Of course, who said every piece of pop culture we consume has to be healthy and empowering? I don't remember the Rolling Stones doing much for feminism either, but "Under My Thumb" is still a damned irresistible little tune. " I am clearly not reading the books for any literary merit," says Jenny, a lawyer and mother of two who went to an Ivy League school. "I think that 'Twilight' is the ultimate teen girl’s fantasy -- and we all still have that teen girl buried somewhere inside of us, no matter how old we are."
"Maybe this is too personal," says Charlotte, "but I wasn't as careful with my virginity, with my heart and my body, when I was a teenager, and maybe that's where I'm escaping to. I'm rescuing the shy virgin in me that didn't get to be a shy virgin as long. I want Bella to be protected. And Edward does that. Albeit in a scary, dangerous way." She's careful to say, however, that her regression is pretty benign. It's not like she actually wants to be 15 again.
"How much more grown-up can I be?" she asks. "I'm married. I pay taxes. I own two businesses. I'm working through a marriage. Marriage is grown-up. I like my life. But there's probably some deep need to shut out the world for a while. Because the world is so fucking intrusive."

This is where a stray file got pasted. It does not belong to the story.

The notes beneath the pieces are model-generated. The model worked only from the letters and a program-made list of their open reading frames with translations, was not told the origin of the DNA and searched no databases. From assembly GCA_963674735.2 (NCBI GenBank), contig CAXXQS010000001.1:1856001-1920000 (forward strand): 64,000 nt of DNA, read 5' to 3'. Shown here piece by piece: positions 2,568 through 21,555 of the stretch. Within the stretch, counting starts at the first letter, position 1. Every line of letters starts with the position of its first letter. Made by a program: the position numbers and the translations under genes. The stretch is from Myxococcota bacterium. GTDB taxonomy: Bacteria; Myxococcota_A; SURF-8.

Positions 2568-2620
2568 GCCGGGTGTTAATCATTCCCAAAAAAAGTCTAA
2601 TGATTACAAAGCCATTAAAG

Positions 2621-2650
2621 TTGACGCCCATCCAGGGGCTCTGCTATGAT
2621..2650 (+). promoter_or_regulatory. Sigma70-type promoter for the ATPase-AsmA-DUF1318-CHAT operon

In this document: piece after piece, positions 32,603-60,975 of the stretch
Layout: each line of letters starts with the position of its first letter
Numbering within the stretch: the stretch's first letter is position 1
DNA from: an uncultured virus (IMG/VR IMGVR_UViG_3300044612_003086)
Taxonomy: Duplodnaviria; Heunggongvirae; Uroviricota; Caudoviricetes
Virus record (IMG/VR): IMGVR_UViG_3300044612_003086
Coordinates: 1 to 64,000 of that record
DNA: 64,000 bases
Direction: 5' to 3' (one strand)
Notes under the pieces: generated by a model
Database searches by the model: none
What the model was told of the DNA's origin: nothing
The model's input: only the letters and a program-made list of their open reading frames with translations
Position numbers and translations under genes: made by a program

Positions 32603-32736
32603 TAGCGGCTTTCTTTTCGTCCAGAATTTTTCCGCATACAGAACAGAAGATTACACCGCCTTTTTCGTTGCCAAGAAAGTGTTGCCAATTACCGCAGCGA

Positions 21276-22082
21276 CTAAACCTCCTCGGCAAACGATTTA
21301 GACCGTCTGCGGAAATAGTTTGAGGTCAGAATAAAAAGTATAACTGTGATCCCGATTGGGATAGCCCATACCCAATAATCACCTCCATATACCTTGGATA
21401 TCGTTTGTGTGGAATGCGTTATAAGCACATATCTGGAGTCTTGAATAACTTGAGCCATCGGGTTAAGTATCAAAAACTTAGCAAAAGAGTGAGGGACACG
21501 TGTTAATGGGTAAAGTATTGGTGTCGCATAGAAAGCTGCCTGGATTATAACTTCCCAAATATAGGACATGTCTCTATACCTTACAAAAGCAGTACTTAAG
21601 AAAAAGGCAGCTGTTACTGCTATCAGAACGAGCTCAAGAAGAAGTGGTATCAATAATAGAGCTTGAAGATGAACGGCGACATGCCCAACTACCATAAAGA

Actually, what "Twilight" has brought flooding back for many fans is not just the high drama of first love and betrayal but warm memories of a different relationship altogether.
"For so many of these women, this is the first book they've read cover to cover in 10 years," says Kirsten Starkweather. "Now they're grabbing the new book, whatever it is."
Charlotte agrees. "Reading is an act of defiance in the world today. I owe Stephenie Meyer a thank you note for reminding me of that."
And at a time when smart movies for women still seem frustratingly, mind-numbingly rare, Chris Weitz's "New Moon" has already sold out in thousands of theaters. Kirsten will be at a midnight showing at a two-day Twilight Mom event in Salt Lake City. Charlotte is planning to go with two other women -- one two years older and one a decade younger.
"I’m curious how many people like me are going to be in that theater," says Charlotte. "I know I’m not alone. I’m just not sure if I’m scared or comforted by that."